At the close of 2015, we surveyed the Publishing Executive audience to find out what technologies publishers plan to invest in and where they expect to see revenue growth in 2016. 133 Executives from consumer, B2B, association, city and regional, and custom publishing companies shared their insight.
Though relatively limited in sample size, the responses do point to some interesting trends that we’ve recognized in the industry and which we’ve covered in our reporting.
Learn more about how publishers approach new technology adoption and budgeting in an exclusive Publishing Executive report.
Here are 5 insights we gleaned from this year’s survey:
- Digital content and distribution remains top-of-mind for publishers. App technologies (29.5%), digital magazines (29.5%), and email marketing solutions (25.7%) are the top three technologies and services respondents plan to purchase in 2016. The search for better app technology is certainly due in part to rapid growth of smartphone usage. Pew Research reported in April 2015 that 64% of U.S. adults own smartphones, up 35% since spring 2011. Meanwhile, 2015 saw a reawakening to the value of “identified audience” and the importance of growing email lists across the media business.
- But print is not far behind. Despite the dominance of digital creation and distribution tech, printing services were 5th on publishers’ shopping lists. 24.2% of respondents indicated that they plan to purchase printing services in 2016. In 2015, Publishing Executive reported on some of the reasons publishers continue to invest in print, not least of which is its ability to serve up a unique and valuable reading experience to consumers.
- Publishers are relying on advertising to drive revenue. Despite the rise of ad blockers and predicted declines in print advertising revenue, when asked where they expect to see the most growth in 2016, respondents overwhelmingly answered website advertising (51.1%) and print and digital magazine advertising (49.6%). It will be interesting to see how publishers counteract the revenue-draining effects of ad blockers.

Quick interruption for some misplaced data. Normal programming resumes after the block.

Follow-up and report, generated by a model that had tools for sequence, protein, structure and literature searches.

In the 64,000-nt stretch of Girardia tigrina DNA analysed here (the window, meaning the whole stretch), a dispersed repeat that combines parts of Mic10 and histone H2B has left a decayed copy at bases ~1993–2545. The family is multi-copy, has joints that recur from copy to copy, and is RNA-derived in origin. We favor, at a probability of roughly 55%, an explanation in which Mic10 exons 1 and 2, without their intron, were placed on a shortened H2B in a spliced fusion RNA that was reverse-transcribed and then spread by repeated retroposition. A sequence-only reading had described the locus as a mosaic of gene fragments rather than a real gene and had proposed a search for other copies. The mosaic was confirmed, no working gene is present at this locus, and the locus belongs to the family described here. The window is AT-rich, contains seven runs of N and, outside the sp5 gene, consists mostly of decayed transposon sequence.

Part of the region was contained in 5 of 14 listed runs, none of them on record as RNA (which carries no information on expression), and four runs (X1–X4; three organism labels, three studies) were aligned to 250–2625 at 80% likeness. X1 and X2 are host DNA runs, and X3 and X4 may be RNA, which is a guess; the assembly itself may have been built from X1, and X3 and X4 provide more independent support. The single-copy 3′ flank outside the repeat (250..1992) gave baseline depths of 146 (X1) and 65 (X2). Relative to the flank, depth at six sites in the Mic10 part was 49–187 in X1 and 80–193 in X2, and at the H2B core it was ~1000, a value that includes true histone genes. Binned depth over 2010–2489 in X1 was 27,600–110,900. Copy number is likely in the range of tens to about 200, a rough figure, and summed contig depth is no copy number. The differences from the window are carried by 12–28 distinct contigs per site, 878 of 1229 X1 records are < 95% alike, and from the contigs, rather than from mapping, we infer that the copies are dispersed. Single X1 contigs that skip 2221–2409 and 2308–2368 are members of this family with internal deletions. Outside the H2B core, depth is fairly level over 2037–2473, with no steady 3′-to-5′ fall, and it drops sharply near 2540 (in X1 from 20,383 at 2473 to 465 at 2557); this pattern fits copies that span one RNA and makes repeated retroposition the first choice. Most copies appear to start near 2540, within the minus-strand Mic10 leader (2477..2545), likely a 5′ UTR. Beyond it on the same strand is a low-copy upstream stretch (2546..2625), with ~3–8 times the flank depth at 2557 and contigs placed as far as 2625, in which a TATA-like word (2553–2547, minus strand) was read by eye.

- Podcasting not viewed as a big moneymaker yet. One of the surprising results of this survey was that podcasts ranked lowest among anticipated revenue drivers for 2016. Despite the medium’s growing popularity among consumers, this response may indicate that monetizing podcasts remains a challenge for many publishers. But according to executives at Slate and , the podcast opportunity is significant.
- Publishers want to learn more about emerging tech and mobile publishing. 9% of survey respondents indicated that they need further education in emerging technologies and 40.4% identified the need for greater digital and mobile publishing education. These responses suggest that while digital and mobile content are making a big impact on publishers’ business models today, the next major publishing disruptor may come from a lesser known technology.
What technology do you think will impact publishing in 2016? Share your thoughts in the comment section below.
Editor’s Note: Respondents were able to select multiple answers in the above survey questions.